Referring to the respective exchange of memoranda between Bonn and the Western Allies[3], the statement by the Council of Ministers also encourages the Western Allies to reconsider their relationship with the GDR. Today there is no obstacle any more to not normalize relations with the GDR and reject its accession to the United Nations. The commitment by the FRG to raise territorial claims neither now nor in the future, is very important because it is also binding for future [West German] federal governments. With this treaty, normalization between third countries and the GDR, as well as between the FRG and the GDR, are wide open. This treaty is a defeat for West German revanchism. At the last meeting, Comrade Minister [Qiao Guanhua] had correctly pointed out the dangerousness of the reactionary forces in West Germany. This treaty was a hard blow to them. So it is not surprising that the are raging about it.

This treaty does entirely represent the policy and interests of the GDR. All corresponding questions were, as usual, discussed during all phases of preparation and conclusion of the treaty in coordination between the Soviet Union and the GDR.      

Qiao Guanhua thanked Comrade Ambassador for the information. He said there are obviously many things one could still talk about in this context. He wants to ask Comrade Ambassador about his personal opinion on two issues. Will the United States, England, and France soon recognize the GDR, and will the accession of the GDR to the United Nations be resolved in the coming weeks?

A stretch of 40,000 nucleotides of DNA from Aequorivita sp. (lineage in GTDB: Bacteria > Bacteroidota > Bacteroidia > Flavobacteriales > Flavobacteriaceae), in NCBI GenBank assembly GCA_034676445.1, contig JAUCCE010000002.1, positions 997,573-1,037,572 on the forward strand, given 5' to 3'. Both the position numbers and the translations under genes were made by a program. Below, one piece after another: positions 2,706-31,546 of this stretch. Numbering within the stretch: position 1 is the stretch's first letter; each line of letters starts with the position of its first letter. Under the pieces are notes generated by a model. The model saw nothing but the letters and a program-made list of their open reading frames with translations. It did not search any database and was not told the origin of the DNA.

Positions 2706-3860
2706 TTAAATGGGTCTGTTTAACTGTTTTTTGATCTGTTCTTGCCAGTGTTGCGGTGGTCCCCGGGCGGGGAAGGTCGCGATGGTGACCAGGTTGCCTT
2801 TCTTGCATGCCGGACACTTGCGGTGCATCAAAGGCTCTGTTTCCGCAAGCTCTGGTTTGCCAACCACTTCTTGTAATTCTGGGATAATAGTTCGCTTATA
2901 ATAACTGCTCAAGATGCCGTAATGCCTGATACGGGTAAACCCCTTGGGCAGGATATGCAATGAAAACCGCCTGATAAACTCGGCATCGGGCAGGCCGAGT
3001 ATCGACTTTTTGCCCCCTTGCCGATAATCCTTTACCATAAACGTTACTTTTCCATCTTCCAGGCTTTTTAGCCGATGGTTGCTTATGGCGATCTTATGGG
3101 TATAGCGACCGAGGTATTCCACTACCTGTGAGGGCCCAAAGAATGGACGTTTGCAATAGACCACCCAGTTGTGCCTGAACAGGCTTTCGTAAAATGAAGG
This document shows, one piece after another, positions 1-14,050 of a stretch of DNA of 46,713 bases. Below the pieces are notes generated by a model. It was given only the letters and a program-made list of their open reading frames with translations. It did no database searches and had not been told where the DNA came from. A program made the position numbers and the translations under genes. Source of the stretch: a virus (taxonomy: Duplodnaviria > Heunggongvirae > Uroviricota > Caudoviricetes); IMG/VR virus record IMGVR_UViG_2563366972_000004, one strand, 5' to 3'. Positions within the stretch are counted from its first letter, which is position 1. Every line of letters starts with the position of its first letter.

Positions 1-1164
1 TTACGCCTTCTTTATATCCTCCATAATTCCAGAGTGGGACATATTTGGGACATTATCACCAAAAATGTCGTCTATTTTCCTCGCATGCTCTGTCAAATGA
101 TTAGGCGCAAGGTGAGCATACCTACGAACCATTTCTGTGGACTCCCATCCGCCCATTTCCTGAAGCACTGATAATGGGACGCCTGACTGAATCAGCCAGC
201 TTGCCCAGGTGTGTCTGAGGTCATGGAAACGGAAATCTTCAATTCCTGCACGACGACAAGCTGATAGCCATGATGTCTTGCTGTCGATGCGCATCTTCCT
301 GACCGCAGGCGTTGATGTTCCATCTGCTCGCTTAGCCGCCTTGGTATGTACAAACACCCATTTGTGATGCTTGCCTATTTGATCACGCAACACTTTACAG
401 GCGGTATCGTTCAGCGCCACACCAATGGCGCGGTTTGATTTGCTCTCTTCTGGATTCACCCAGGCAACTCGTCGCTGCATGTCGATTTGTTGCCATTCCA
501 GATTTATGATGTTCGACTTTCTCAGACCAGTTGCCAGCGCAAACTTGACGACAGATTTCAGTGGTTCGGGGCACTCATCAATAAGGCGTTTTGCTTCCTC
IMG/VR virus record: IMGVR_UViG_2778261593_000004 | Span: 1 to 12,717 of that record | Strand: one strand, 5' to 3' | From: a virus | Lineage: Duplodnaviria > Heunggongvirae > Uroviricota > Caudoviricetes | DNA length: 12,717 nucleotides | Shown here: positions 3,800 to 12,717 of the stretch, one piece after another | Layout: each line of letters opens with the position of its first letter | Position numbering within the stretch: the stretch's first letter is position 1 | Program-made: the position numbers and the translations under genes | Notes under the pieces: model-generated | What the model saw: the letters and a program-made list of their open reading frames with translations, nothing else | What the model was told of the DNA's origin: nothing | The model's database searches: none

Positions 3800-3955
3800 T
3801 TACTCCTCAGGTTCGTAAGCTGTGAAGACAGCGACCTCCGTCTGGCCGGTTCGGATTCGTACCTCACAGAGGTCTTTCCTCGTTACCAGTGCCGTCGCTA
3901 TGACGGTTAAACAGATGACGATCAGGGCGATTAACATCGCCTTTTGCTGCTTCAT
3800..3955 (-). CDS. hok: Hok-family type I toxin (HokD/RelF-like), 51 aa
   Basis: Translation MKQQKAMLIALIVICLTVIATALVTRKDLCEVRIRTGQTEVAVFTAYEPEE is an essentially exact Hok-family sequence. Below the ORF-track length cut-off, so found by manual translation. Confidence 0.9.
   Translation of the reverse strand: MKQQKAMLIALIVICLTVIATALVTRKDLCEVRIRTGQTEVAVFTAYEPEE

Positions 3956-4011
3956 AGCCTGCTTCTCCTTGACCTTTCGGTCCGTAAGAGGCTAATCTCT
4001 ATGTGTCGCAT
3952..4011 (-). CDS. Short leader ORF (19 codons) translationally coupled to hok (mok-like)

Comrade Hertzfeldt replied that in the future certainly more countries will recognize the GDR. There are indications from some, especially neutral and Afro-Asian countries that they are seriously considering this question. Maybe there will also be a continuation of the process initiated by the meetings between the two German government leaders.[4] All these factors had mutual impacts. As the establishment of relations [by certain countries] with the GDR had a certain impact on those meetings, the latter themselves will have some effects in return. The United States, England, and France will be unable to ignore these developments permanently, especially since realistic insights are growing without doubt within those countries.

Regarding the second question, Comrade Hertzfeldt explained based on facts that our constructive proposals for an equal membership of both German in the United Nations have received a lively and positive reception. There are even those who believe that an accession of both German states to the United Nations is the best possible way to resolve the complicated question of recognition, without being forced to expose themselves too much. Obviously it is difficult to make concrete statements on both issues about timelines and procedures.

Qiao Giuanhua asked how many countries have established diplomatic relations with the GDR. Comrade Hertzfeldt told the number and added it had doubled within last year. Responding to a respective question by Qiao, he said that just recently Ceylon[5] had established diplomatic relations with the GDR.

Here Qiao said that there are currently three women in the world who are Prime Ministers: Bandaranaike[6], Gandhi[7], and Meir[8]. Ms. Bandaranaike has done a good thing, but Ms. Gandhi is too weak.

Following up, Comrade Hertzfeldt explained the recent development of [GDR] relations with India. As far as Israel is concerned, it is known that the GDR is not interested in relations in this case.